I. What is Atmosphere?
Atmosphere is the overall mood of a story or poem. It’s usually something readers can’t quite put their finger on – not a motif or a theme, but a “feel” that readers get as they read. It’s very difficult to define, but you know an atmosphere when you read it. Atmosphere mainly emerges through description rather than action – it’s not what people do that creates an atmosphere, but the settings and environments that stage what they do.
II. Examples of Atmosphere
These two examples describe the same scene, but they create a very different atmosphere. Notice how they both end with similes describing the same sound in opposite ways:
Marilyn’s small apartment was bathed with light from the new floor-to-ceiling windows. Outside, the sounds of a balmy summer day floated up to her ears like the gurgle of a cool, clear brook.
Marilyn’s cramped apartment was roasting in the scorching sunlight that burned through her floor-to-ceiling windows. And if there was anything more oppressive than the heat, it had to be the constant din that bubbled up from the city street below like steam from a putrid stew.
III. The Importance of Atmosphere
Atmosphere basically determines the emotional experience that the reader will have. Are they going to feel hopeful? Depressed? Anxious? Curious? Adventurous? You set the mood through atmosphere, and it colors how the audience experiences the whole piece.
Certain genres are especially dependent on atmosphere. Horror, for example, is an extremely atmosphere-dependent genre: what would a horror story be without its atmosphere of creepiness and terror? To write a good horror story, you’ve got to be good at writing with atmosphere.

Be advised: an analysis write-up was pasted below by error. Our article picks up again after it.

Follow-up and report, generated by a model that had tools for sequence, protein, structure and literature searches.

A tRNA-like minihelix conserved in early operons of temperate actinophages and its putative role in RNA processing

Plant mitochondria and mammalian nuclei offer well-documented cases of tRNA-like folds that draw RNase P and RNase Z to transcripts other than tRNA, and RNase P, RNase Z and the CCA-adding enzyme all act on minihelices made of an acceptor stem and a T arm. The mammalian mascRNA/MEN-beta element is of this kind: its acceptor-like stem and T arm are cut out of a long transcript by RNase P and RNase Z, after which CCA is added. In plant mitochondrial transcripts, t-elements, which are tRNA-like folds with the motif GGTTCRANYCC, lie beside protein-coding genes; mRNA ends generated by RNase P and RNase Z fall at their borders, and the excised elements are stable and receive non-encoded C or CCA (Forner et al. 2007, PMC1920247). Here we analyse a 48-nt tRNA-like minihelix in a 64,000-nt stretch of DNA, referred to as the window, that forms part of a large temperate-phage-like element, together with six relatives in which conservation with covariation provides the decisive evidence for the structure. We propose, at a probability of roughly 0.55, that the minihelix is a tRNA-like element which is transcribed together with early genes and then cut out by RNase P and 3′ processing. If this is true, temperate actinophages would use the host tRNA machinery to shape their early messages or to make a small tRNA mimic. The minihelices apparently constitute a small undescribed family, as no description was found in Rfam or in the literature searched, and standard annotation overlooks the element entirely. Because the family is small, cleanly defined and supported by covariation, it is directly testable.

IV. Examples of Atmosphere in Literature
HP Lovecraft was one of the most atmospheric writers of all time. Just by reading the titles of his novels and short stories, you can tell exactly what kind of atmosphere he was trying to create: At the Mountains of Madness, The Crawling Chaos, The Dunwich Horror, The Whisperer in Darkness. Even without knowing anything at all about these stories, you know exactly what kind of atmosphere they’ll have.
“During the whole of a dull, dark, and soundless day in the autumn of the year, when the clouds hung oppressively low in the heavens, I had been passing alone, on horseback, through a singularly dreary tract of country, and at length found myself, as the shades of the evening drew on, within view of the melancholy House of Usher.” (Edgar Allen Poe, The Fall of the House of Usher)
Here’s a highly atmospheric line, the opening of Poe’s famous Usher short story. Notice how Poe uses a string of carefully-chosen words, especially adjectives and adverbs, to create a heavy, forbidding atmosphere for his story.
V. Examples of Atmosphere in Pop Culture
The films of Hayao Miyazaki are famous more for their atmosphere than their characters or stories. Miyazaki’s films, including Princess Mononoke and Spirited Away have a unique atmosphere that combines awe (huge trees, powerful forest-spirits, epic monsters) with whimsy (childish dreams and imagination). All you have to do is look at a few images of Miyazaki’s animation and you’ll get a sense of his atmosphere.
The Fellowship of the Ring is noteworthy for the way its atmosphere changes dramatically as the characters move from place to place. In the Shire, the atmosphere is very cozy and comfortable; in Rivendell, it’s an atmosphere of elegance and nobility; in the Mines of Moria the atmosphere is grim and forbidding; and so on.
VI. Related Terms
Tone means roughly the same thing as “atmosphere,” but it has a more broad meaning. Whereas atmosphere is an emotional quality in creative writing, tone applies to non-emotional qualities like “formal” or “informal,” and it relates to both creative writing and essays.